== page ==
I have an Ancestry autosomal DNA kit that we are trying to get a 95 year old woman to take and having trouble. I provided the hints that 23andme offers to my cousin that is trying to administer the test:

If providing adequate sample volume is a challenge for you or someone you are assisting, the following may help increase saliva production:

  • Gently rubbing the outside of your cheeks
  • Making chewing motions with your mouth
  • Adding a small amount of sugar to the tip of your tongue
  • Smelling or imagining sour foods such as lemons
  • Thinking about your own favorite food

Biting or scraping your cheeks is not recommended; keep in mind that the majority of the cells analyzed in your saliva sample will not be epithelial cells from your cheeks but white blood cells that are found naturally in your saliva.

However, they have now reported back:

I worked with my mom using your list of suggestions. I think she may have produced some saliva, but she wasn't able to spit it out. She seems to automatically swallow the saliva and has nothing to spit out. I am not sure what to do. I talked with her but she doesn't seem to understand. If you have any ideas I am willing to try again if she is.

Now we could switch to cheek swab using Family Tree DNA, but I would prefer to stick with Ancestry since I get DNA circles and can transfer to FTDNA in the future.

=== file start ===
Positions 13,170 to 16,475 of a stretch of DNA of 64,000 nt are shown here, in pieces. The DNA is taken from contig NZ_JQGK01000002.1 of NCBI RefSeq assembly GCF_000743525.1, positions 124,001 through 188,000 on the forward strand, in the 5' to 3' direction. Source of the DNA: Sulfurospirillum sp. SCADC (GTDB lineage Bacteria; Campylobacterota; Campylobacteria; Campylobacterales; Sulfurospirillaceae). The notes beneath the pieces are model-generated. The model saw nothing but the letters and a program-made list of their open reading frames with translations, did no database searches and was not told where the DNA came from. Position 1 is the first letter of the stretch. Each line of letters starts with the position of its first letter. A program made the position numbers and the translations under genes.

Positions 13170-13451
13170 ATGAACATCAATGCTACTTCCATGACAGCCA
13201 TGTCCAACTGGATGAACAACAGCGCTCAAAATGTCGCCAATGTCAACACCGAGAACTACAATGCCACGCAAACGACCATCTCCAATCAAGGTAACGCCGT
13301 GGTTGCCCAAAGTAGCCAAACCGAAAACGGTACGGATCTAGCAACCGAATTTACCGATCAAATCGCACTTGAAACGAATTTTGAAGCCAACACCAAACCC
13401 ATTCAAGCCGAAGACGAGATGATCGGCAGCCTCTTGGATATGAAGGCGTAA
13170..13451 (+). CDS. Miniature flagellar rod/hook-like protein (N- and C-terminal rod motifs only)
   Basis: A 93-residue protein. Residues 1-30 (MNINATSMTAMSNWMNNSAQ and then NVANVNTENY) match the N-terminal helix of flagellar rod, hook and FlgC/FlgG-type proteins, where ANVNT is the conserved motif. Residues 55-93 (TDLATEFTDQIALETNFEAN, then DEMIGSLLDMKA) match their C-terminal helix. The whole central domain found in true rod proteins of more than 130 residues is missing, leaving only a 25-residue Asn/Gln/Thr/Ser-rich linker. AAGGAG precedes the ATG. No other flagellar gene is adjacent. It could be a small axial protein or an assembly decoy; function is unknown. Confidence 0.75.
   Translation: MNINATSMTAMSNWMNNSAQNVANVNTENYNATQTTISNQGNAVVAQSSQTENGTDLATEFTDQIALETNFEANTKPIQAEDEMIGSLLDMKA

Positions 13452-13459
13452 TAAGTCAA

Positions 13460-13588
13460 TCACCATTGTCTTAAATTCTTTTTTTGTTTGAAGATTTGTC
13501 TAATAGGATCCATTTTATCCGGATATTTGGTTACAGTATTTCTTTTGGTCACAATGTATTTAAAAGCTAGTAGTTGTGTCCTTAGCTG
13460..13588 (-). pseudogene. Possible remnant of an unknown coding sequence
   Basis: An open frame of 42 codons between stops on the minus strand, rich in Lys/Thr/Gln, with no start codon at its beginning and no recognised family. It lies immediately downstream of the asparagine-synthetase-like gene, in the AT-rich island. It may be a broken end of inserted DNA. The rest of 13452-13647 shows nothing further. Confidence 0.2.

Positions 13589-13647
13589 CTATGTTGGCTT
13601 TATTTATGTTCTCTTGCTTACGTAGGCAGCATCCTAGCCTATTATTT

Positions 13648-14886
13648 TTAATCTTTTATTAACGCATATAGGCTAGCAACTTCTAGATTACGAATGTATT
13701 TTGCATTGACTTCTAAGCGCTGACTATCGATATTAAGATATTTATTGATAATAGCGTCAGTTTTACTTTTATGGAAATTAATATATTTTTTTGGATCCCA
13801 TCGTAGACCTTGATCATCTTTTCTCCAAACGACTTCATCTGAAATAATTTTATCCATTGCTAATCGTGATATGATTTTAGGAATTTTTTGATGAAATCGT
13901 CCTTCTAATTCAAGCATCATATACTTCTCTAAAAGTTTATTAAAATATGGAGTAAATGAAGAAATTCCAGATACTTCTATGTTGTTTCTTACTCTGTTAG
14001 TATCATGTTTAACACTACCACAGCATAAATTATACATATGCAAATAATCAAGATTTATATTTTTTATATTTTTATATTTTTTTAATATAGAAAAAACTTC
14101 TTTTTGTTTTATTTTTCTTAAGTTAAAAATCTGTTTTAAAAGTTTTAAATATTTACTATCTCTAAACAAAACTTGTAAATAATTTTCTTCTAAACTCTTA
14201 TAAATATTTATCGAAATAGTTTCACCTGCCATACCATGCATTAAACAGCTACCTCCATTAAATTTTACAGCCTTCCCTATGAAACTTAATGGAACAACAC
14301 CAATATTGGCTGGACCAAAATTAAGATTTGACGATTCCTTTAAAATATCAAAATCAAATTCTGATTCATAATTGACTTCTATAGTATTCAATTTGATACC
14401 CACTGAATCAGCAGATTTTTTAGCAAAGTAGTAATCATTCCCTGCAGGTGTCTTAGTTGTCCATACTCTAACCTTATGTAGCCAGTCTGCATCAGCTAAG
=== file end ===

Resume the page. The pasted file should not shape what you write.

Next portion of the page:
Perhaps getting her to look down so gravity is helping as someone rubs the checks?

What other suggestions do folks have in getting saliva for an Ancestry.com DNA sample?

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    Having a towel handy is useful: gocomics.com/pickles/2016/10/03
    – lkessler
    Commented Oct 6, 2016 at 23:34
  • 1
    I think this question would be better aimed at people with some medical knowledge. That said, she may be poorly hydrated,so a glass of water some time in advance could help. Or even taking a sip of water and swilling it around her mouth for a while might produce a slightly diluted saliva.
    – AndyW
    Commented Oct 7, 2016 at 10:11
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    My opinion is that this is, strangely, absolutely on topic because its is a complaint about more than the Ancestry kit but any of the couple of services that use the spit test. Given the age of the testee I would make it a priority to get the sample and deal with transferring later.
    – CRSouser
    Commented Oct 7, 2016 at 21:13
  • Why not use hair instead ?
    – Bregalad
    Commented Oct 31, 2016 at 17:53
  • @Bregalad Ancestry.com does not offer hair. Family Tree DNA does offer cheek swab as a fallback position.
    – WilliamKF
    Commented Nov 1, 2016 at 20:27

6 Answers 6


I had my 93 year old uncle take a test after he agreed to do it.

I did not feel comfortable asking him to do it, or for me to attempt to administer it.

My uncle was at a nursing home. I asked one of the health care aids to administer it. My uncle trusted the aid and even though he was uncomfortable for a few seconds, the aid knew how to handle it and it was finished quickly.